By some estimates, 2.5 billion gigabytes of data are generated each day globally, which represents an annual increase of 23% when measured over the last 2 decades.  From Facebook “likes” to daily credit card transactions and cholesterol measurements, the span of data that is available for analysis is mind-boggling.

The argument therefore is that, with the availability of such data, reliance on human analysts and traditional techniques are no longer adequate to analyze the staggering breadth and complexity of data stores.  Often, information is concealed in the data and is not readily evident by legacy analytical means or human intervention.  Tools such as machine learning algorithms are better suited to search for complicated multi-factor patterns in the data without loss of objectivity.  The cost of such automated algorithms is also much less expensive compared to employing additional analysts and statisticians.

Finally, with the availability of such data, the competitive pressure faced by commercial organizations to transform the data into operational strategies and ultimately market share is immense.  Retail companies are using data mining and machine learning algorithms to forecast product demand and tailor incentives and promotions at a customer level.  Financial institutions are using similar tools to build individual credit risk profiles prior to authorizing lines of credit.  While it is a little early to pronounce that the current state of data mining and machine learning is the panacea for all organizational issues, a recent survey by MIT Technology Review Custom and Google Cloud found that more than half of both early-stage and mature-stage users reported that deploying machine learning and other data mining techniques have resulted in demonstrable ROI.

Now that we know why organizations are jumping on the data mining bandwagon, it is time to delve a little deeper into some of the intricacies of these analytical tools.  The next set of posts in this blog will try to address some of the techniques and their applications.  Stay tuned!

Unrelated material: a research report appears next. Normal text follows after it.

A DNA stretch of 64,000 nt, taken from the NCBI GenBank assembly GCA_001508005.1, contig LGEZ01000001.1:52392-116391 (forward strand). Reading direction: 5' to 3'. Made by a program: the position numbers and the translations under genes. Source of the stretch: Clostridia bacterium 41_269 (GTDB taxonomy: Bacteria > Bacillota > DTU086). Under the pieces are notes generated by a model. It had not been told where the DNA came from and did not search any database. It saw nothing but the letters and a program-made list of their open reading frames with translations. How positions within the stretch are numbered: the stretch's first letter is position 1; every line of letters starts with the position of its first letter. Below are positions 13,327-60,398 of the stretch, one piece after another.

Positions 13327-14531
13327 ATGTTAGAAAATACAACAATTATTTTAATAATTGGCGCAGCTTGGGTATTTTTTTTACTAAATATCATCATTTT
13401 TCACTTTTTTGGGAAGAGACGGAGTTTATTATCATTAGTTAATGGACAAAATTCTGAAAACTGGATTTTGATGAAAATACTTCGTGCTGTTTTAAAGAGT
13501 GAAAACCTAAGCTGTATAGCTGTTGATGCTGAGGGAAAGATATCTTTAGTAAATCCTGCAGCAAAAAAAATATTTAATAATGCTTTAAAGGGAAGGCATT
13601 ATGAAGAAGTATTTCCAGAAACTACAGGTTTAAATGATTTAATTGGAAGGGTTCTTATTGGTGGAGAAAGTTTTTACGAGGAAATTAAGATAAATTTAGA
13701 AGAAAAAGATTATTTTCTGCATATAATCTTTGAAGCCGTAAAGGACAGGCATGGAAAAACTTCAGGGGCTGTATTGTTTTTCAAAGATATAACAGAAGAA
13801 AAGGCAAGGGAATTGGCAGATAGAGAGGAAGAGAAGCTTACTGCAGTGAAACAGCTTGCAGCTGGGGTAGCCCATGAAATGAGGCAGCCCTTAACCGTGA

Data Mining Unearthed!

How does your favorite online retailer prompt product suggestion as you shop online?  How do credit card companies target customers with their promotional credit card offers?  The answer to these questions invariably involves a concept known as data mining.

When you hear the term data mining, it conjures images of a person sitting in front of a computer screen digging through a vast mountain of numbers to extract precious nuggets of information that can provide valuable insights and solutions.  binary-1327493_1920While this slightly belabored metaphor is not entirely fiction, the reality of modern day data mining is much more sophisticated.

In information technology parlance, data mining is not limited to the extraction of data from a data warehouse.  Instead, it is the process of discovering trends and patterns in data through the use of computing technology, algorithms, and statistical analysis.

In recent nomenclature, this process has been synonymous with the more generalized concept of “knowledge discovery in databases” or KDD.  cranium-2099120_1280Trendy industry terms such as machine learning, artificial intelligence, and text mining are some of the cornerstone data mining techniques currently being applied in a variety of fields such as healthcare, marketing, advertising, and online retail among others.

My name is Unni Mundaya and I have studied and worked in the data analytics space for the past 8 years, primarily in the healthcare domain.  You can find more details about me in my bio.

There have been rapid advancements in data mining, both in terms of the technology and its applications over the last 20 years.  This blog will be devoted to demystifying some of the more esoteric concepts related to data mining and will highlight some of the applications of these techniques currently being employed by organizations worldwide.  I welcome your feedback as I explore this topic in my future entries.  Stay tuned!

Up ↑